Train service between Holland and Detroit gains supporters, study planned

From The Grand Rapids Press:

The Pere Marquette arrives in Holland. M-Live file photo.
The Pere Marquette arrives in Holland. M-Live file photo.

For 30 years, West Michigan residents have been able to travel between Grand Rapids and Chicago through Amtrak’s Pere Marquette rail service.

Now there’s a statewide effort underway to look into whether a train running between Holland and Detroit is feasible, and the idea is generating support from a local metropolitan planning body.

The Macatawa Area Coordinating Council’s Policy Committee this week endorsed the proposal from the Michigan Environmental Council and the Michigan Association of Rail Passengers to have a feasibility study done to see whether a passenger rail corridor could be developed using existing rail lines between the two cities.

John Langdon, a spokesman for the initiative, says if successful, it would probably be at least 10 years before train service could begin.

“This is an opportunity to get started,” Langdon said. “It’s a long-term issue. The feasibility study will only tell us whether it makes sense to move ahead to the next level.”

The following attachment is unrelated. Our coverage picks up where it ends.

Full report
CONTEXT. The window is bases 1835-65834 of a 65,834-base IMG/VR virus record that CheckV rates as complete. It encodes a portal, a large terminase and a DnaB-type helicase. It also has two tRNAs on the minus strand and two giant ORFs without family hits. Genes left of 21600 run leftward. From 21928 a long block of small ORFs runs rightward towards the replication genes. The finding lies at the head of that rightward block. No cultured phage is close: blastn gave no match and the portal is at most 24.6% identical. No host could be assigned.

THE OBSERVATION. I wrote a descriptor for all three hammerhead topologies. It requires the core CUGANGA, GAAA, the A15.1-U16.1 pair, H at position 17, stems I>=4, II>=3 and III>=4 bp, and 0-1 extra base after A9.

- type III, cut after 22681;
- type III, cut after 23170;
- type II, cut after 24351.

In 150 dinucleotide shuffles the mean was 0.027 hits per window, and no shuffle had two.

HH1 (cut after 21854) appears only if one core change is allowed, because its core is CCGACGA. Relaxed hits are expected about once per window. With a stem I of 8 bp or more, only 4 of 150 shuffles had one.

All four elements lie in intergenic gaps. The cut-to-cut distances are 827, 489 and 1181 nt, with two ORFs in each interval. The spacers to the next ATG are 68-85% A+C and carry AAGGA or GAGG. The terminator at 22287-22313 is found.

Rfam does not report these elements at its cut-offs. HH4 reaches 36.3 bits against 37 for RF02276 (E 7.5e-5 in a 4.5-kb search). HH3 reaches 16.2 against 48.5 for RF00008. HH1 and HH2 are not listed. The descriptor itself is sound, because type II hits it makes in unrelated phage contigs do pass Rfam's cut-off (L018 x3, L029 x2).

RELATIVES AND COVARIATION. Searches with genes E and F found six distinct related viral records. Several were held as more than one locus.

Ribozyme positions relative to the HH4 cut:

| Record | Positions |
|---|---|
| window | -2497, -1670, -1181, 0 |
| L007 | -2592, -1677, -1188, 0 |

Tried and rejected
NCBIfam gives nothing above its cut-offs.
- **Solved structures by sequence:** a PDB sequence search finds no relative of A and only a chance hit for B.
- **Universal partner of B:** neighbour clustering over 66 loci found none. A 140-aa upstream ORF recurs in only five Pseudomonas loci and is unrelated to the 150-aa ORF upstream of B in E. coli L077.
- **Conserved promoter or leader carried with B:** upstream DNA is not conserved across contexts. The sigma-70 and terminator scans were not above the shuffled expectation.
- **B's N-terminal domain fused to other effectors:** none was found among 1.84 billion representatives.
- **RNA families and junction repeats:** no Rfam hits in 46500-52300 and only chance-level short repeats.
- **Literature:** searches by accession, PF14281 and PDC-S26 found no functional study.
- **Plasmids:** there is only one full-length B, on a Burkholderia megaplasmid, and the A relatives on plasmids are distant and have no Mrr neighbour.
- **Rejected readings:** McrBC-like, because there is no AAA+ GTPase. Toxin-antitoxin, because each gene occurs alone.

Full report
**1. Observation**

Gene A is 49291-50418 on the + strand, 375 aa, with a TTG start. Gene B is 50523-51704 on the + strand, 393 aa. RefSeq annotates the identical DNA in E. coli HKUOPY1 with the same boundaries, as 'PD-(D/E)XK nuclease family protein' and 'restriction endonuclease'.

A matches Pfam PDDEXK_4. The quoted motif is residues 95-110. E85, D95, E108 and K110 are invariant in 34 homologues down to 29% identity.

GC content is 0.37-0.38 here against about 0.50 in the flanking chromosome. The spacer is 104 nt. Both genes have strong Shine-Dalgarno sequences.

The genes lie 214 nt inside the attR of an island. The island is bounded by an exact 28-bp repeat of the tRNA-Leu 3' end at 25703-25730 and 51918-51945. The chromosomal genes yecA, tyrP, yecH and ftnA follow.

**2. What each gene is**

The so-called “Coast to Coast” line would go through Grand Rapids, Lansing and metro Detroit, and could connect major colleges as well as health care organizations such as those along Grand Rapids’ Medical Mile. The line would travel at a speed of 79 mph, compared to the current maximum speed of 65 mph on the Pere Marquette, Langdon said.

Most of the route would run on tracks currently owned by CSX Transportation, Langdon said.

MACC Executive Director Steve Bulthuis says adding a second passenger rail line would be a positive for the Holland area. But he says there’s a lot that has to happen before it’s known whether such a service would be viable.

“If you don’t justify the need for it, you never make it to the next steps in the process,” Bulthuis said. “There’s a lot of work to be done. This is a first step in a long process.”

The Grand Valley Metropolitan Council has not seen the proposal yet, but it’s likely to come before the planning body in the near future, said Mike Zonyk, the agency’s transportation planner.